Boot to the XP CD and choose the SECOND repair option, allowing XP to install on top of itself. After completion you'll need to go to Windows Update and download & install all updates (except for hardware & driver related updates, which should never be downloaded from Windows Update - only from the OEM websites). Here is a clear tutorial on how to perform a repair install: http://www.geekstogo.com/forum/topic/138-how-to-repair-windows-xp/

Admin, Tweaks.com Forums

#6 caperjac

caperjac

  • Members
  • 1,619 posts
  • OFFLINE
  •  
  • Gender:Male
  • Location:NS. CAN
  • Local time:05:07 PM

Posted 04 October 2012 - 12:51 PM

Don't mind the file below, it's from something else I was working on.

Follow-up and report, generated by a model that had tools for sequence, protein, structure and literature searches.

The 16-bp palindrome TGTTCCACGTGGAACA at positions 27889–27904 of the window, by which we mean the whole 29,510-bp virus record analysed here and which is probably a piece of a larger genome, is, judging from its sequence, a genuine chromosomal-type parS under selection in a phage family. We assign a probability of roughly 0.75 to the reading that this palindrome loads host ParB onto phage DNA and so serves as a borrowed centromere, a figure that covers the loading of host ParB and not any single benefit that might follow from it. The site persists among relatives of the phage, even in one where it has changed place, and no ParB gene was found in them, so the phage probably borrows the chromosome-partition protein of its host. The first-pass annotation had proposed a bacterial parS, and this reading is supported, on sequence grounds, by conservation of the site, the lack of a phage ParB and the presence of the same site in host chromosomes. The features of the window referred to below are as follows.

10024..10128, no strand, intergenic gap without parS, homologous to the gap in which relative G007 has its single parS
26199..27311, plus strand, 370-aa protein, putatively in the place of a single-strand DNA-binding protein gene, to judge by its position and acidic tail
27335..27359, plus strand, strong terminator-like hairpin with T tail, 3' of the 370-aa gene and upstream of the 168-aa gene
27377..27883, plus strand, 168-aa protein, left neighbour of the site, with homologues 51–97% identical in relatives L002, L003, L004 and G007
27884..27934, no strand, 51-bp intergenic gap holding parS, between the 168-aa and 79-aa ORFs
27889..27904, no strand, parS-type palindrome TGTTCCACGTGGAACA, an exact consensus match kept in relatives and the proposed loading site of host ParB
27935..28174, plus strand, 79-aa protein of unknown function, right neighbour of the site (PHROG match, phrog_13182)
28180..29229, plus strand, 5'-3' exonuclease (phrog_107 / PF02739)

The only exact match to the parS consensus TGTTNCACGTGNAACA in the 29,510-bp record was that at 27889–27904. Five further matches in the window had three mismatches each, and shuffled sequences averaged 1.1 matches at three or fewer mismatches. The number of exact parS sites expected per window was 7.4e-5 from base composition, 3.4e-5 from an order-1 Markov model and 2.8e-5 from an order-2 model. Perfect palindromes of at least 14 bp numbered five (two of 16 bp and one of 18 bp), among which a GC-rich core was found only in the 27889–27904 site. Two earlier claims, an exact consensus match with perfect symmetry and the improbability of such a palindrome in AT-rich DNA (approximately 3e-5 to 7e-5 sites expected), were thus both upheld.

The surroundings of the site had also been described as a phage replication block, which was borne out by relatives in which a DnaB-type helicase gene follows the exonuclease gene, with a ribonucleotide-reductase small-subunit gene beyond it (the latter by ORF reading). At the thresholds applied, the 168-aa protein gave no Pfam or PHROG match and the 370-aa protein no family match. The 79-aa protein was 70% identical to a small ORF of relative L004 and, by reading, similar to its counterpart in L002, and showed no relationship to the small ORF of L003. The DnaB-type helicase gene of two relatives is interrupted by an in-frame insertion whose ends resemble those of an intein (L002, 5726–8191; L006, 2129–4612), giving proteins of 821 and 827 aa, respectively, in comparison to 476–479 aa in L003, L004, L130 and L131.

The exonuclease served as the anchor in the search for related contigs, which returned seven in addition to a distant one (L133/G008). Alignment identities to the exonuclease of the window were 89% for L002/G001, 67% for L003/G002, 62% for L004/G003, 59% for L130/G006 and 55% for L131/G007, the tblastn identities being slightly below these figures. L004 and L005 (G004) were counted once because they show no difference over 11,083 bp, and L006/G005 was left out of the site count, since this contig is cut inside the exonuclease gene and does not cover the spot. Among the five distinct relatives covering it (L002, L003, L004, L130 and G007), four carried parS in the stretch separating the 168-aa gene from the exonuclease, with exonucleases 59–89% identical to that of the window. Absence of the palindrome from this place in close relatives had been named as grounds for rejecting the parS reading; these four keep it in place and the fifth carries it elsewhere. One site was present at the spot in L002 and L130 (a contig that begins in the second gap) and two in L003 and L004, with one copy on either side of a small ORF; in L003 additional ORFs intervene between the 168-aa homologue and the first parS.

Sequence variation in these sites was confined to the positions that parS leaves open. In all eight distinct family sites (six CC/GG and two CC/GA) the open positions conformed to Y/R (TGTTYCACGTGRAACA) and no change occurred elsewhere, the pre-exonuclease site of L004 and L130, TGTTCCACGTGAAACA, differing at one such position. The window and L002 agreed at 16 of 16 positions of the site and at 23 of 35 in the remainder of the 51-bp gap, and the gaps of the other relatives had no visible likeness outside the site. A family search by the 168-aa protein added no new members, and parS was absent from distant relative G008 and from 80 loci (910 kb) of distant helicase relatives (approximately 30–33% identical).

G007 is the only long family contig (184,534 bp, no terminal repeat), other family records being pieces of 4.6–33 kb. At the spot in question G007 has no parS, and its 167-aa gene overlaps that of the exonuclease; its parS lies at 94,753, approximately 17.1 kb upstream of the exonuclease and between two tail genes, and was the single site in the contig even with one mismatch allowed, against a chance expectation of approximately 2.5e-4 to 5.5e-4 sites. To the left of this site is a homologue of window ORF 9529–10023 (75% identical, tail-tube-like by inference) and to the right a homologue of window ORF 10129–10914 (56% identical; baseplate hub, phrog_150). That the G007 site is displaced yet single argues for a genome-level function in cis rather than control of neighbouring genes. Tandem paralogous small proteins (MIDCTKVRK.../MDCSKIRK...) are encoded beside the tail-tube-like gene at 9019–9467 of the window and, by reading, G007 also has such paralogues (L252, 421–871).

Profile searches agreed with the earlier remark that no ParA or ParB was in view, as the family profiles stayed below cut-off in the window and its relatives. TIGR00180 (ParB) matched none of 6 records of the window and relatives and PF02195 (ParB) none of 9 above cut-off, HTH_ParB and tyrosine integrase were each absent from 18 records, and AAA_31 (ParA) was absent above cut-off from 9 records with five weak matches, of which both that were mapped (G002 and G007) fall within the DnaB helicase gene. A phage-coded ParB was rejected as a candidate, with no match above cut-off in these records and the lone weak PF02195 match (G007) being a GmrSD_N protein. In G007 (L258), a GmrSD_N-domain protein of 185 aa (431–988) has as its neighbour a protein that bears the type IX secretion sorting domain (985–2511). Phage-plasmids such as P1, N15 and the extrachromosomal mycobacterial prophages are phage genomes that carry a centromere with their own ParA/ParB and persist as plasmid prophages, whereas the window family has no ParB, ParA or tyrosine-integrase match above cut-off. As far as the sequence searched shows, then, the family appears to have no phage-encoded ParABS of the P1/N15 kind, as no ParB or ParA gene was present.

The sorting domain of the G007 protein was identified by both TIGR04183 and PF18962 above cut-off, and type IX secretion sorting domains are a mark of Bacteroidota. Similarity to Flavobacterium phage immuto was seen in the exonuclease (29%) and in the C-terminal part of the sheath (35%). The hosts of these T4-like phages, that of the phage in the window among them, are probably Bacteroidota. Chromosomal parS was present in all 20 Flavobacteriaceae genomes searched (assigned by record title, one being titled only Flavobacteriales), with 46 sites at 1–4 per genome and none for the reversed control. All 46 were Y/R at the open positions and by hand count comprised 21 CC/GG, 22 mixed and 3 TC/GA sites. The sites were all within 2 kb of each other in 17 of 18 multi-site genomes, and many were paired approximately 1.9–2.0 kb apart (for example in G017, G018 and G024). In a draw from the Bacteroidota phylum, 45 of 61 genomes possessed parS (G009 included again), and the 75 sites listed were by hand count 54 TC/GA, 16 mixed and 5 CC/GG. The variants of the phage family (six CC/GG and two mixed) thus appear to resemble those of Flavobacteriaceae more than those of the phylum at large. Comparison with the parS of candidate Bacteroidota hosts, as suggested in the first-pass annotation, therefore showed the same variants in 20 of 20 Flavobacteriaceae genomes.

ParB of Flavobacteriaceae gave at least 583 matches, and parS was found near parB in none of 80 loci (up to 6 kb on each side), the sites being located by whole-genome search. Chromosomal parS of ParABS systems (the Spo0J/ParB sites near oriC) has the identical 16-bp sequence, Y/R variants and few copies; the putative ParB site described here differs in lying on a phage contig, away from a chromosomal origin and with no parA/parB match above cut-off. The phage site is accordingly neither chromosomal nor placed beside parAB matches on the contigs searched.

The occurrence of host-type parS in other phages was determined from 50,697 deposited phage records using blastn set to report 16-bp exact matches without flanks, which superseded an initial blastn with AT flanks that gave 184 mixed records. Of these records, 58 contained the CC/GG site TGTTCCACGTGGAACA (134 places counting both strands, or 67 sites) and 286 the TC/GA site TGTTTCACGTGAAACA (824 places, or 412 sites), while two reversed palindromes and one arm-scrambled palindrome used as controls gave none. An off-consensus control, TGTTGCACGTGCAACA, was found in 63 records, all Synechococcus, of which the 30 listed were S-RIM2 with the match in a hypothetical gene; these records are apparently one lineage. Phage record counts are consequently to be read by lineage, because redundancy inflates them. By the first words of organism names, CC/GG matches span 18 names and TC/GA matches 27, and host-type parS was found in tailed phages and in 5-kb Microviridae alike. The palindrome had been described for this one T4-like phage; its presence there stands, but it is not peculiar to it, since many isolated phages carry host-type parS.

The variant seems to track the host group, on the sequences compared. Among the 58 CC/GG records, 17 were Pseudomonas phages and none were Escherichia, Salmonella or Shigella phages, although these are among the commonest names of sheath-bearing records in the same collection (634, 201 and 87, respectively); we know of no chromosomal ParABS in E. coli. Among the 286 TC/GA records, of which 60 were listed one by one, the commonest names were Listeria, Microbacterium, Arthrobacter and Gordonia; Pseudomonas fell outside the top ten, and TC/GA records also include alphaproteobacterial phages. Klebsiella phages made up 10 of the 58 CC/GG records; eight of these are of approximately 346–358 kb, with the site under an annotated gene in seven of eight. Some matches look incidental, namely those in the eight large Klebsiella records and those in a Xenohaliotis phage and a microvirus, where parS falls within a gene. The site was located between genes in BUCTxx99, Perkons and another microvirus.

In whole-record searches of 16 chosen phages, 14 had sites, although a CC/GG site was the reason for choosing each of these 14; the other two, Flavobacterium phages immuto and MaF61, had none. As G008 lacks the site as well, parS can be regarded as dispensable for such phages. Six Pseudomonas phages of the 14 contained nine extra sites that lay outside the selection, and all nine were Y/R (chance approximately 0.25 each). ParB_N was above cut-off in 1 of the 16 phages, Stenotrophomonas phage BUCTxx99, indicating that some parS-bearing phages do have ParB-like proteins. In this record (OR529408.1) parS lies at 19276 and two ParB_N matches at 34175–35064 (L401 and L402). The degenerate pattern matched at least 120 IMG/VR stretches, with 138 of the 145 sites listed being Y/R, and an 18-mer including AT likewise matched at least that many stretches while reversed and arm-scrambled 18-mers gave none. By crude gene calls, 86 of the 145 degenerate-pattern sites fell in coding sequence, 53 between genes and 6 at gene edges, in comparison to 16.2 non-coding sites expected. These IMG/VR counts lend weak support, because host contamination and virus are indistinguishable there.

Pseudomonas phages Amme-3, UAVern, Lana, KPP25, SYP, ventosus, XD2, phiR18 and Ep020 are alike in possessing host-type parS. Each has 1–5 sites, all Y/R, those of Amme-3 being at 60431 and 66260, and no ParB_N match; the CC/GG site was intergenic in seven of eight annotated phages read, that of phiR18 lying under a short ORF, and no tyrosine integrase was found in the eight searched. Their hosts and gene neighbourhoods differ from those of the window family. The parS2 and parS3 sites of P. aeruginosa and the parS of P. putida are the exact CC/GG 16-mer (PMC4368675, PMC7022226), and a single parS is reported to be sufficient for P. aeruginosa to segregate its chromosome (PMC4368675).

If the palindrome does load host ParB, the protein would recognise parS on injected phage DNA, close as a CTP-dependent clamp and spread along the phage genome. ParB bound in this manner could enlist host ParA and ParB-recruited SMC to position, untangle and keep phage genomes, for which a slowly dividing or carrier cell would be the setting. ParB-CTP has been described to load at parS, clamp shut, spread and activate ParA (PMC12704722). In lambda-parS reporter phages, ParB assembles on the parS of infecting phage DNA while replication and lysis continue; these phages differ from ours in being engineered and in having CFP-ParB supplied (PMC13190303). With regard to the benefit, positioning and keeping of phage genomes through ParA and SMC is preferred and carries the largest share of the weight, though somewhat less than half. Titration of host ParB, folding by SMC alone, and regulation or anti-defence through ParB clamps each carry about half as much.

hi, try hitting f8 on boot up and see if you can get to safe mode and if so go to control panel /users and remove password ,hope you can get into safe mode . if not try the repair install suggested by Allan





And warn everyone about the scam.



its been going on for a few years now , I thought everyone knew

they call my home phone # at least once a week sometime more ,we just tell them we have a phone virus ,and now they have it ,and they hang up.

Edited by caperjac, 04 October 2012 - 12:54 PM.


#7 myrti

myrti

    Sillyberry


  • Malware Study Hall Admin
  • 30,709 posts
  • ONLINE
  •  
  • Gender:Female
  • Location:At home
  • Local time:10:07 PM

Posted 04 October 2012 - 01:10 PM

Not in this case. This was a scammer trying to get money out of the user. The password was put on and they will want money to remove it.